Steps for the St. Pete’s Wage Theft Protection Program

Darden Rice, Vice Chair of St. Pete City Council

 

BY DARDEN RICE, Vice Chair of St. Pete City Council

ST. PETERSBURG – St. Petersburg’s Wage Theft Prevention Program has been underway for the past year. “Wage theft” is a broad term that includes any type of non-payment or underpayment by an employer. It can take the form of loss of overtime, illegal tip practices, being paid less than minimum wage and independent contractor misclassification.

According to a study conducted by Florida International University, Pinellas County has the fourth highest rate of wage theft in the state.

When unscrupulous businesses cheat their workers our economy suffers.  Honest businesses are losing profits by being forced to compete against unethical businesses that have an unfair advantage. Workers are struggling to pay their bills and cannot afford to put money back into the local economy. All taxpayers suffer when employers refuse to pay their fair share into Social Security and workers’ compensation insurance by misclassifying their employees as independent contractors. The St. Petersburg Wage Theft Prevention Program sees these impacts first-hand on a daily basis.

St. Petersburg is a leader in wage theft prevention. It became the first municipality in Florida to enact a wage theft ordinance. Pinellas County and Hillsborough County have followed our lead and implemented their wage theft ordinances in January. As Tampa Bay works to end the devastating impact of wage theft on our community, this year has demonstrated the ongoing need to raise awareness of new wage theft protections and to strengthen our laws for our region.

Despite the high rate of wage theft in Pinellas County, many workers are not exercising their right to file a complaint and seek the pay that they have earned. There appear to be a number of reasons why this is happening.

First, many workers do not know about the existence of wage theft ordinances. It has been long known that the State of Florida does not enforce wage and hour laws. Desperate employees turn to the U.S. Department of Labor – an overburdened federal agency that cannot even enforce the state minimum wage. We are continuing to raise awareness that workers finally have local laws that protect them.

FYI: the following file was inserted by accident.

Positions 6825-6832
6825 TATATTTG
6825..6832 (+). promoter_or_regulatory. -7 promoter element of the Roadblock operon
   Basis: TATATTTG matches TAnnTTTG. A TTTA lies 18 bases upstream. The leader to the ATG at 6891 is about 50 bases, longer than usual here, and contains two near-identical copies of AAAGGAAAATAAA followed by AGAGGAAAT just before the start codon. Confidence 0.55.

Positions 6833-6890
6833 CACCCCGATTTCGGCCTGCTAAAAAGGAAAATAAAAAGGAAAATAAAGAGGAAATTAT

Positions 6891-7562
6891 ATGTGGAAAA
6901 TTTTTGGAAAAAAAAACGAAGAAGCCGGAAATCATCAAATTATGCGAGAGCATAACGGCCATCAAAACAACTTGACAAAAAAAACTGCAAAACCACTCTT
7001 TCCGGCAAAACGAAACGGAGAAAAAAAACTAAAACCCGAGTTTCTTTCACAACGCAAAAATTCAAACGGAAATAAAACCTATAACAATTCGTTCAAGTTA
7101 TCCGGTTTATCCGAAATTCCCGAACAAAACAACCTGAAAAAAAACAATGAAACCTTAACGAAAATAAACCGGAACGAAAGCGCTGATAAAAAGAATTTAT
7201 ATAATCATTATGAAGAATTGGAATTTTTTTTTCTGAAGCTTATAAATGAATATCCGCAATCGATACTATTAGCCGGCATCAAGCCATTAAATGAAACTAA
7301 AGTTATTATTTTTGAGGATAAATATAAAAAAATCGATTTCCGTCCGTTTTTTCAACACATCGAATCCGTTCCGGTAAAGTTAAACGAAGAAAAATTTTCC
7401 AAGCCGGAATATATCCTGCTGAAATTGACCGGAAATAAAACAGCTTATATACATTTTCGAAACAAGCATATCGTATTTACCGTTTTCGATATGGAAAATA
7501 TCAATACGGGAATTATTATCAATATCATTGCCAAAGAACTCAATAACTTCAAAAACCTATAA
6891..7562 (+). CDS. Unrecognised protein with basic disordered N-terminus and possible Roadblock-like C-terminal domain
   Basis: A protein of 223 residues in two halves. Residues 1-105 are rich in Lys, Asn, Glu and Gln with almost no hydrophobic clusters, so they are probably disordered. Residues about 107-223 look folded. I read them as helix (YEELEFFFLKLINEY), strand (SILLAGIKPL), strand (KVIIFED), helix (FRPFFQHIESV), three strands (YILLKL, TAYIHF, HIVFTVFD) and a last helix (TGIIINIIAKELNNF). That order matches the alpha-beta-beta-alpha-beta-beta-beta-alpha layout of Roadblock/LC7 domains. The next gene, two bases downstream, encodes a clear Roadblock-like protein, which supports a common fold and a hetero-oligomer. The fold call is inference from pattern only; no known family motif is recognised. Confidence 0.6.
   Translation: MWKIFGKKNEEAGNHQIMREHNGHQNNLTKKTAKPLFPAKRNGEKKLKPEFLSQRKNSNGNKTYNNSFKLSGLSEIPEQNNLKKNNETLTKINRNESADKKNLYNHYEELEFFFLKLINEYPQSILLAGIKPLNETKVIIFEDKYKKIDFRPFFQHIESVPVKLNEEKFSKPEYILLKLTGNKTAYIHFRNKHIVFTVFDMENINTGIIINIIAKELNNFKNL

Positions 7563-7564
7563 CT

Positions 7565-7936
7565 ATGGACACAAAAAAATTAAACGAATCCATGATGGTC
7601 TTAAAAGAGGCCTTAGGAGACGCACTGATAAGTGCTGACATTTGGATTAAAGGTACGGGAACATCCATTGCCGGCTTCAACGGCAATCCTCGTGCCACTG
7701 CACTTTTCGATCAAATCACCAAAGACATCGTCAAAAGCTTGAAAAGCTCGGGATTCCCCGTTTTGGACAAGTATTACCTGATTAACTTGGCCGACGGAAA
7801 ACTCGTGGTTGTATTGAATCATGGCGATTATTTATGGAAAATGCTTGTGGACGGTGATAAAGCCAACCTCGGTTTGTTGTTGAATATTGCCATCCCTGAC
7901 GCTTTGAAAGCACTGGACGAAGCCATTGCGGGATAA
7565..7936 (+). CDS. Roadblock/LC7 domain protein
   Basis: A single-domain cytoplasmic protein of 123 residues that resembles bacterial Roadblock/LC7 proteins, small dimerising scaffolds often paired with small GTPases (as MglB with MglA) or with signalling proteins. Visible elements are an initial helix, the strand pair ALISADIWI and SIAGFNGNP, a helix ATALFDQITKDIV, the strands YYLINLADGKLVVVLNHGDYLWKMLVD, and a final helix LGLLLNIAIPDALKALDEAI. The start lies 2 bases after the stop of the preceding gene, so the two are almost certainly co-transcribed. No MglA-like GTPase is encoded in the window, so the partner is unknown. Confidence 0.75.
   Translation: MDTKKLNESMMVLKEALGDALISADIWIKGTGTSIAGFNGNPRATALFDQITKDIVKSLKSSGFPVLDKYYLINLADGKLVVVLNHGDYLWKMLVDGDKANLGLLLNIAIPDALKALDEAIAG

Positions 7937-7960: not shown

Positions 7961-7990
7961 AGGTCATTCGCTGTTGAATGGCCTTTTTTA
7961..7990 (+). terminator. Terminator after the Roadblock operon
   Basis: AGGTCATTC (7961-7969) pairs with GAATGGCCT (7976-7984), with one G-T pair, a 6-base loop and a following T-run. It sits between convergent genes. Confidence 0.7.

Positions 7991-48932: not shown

Second, too often employees lack the information that they need to fill out a complaint, such as not knowing their employer’s contact information or their pay rate. Finally, many workers fear retaliation.

City council is considering options to address these obstacles. For example, we will soon fund a local outreach group to assist workers with filing complaints and educate workers and their employers about the ordinance’s protections. In addition, city council is considering requiring that employers provide basic pay information to their new hires and display posters detailing the Wage Theft Ordinance’s protections. Furthermore, city council is deliberating how to strengthen our current anti-retaliation language.

For workers who are filing complaints, the Wage Theft Prevention Program is producing real results: the majority of complaints are resolved in a mediation. So far this year, employees have collected over $24,000 in back pay. We have also awarded over $106,000 to employees in administrative hearings. Unfortunately, not all employers ordered to pay a judgment actually pay. Our next step is making sure that they do

The solution is simple: we need to get employers and employees to a mediation. Most times that will resolve a case within a few weeks of a complaint being filed. It is also in both parties’ best interests. It is an opportunity for employees to assess the strength of their complaint in a confidential setting. For employers, if they agree that there is a violation, they can pay that day instead of risking a hearing and being ordered to pay three times the amount of the claim and costs to the city. City council is considering a number of options to persuade employers to agree to come to the table.

Eventually, we hope to have a countywide approach to wage theft prevention and merge with Pinellas County. A FIU recent report showed that more than half of Floridians make less than $28,236.00 a year, so the ability to recover lost wages is a problem where we should – and can – provide a sensible and fair way to mediate a solution for our affected citizens. The money workers fairly earn belongs in their own pockets, not the bank account of someone else.  As the leader on this issue, we hope to strengthen our protections and finally put an end to the epidemic of wage theft in our region.

 For more info about wage theft:

 If you worked exclusively within the city limits of St. Petersburg call:

City of St. Petersburg’s Mayor’s Action Line at 727-893-7111.

If you worked anywhere in Pinellas County call: Pinellas County Office of Human Rights at 727-464-4172.

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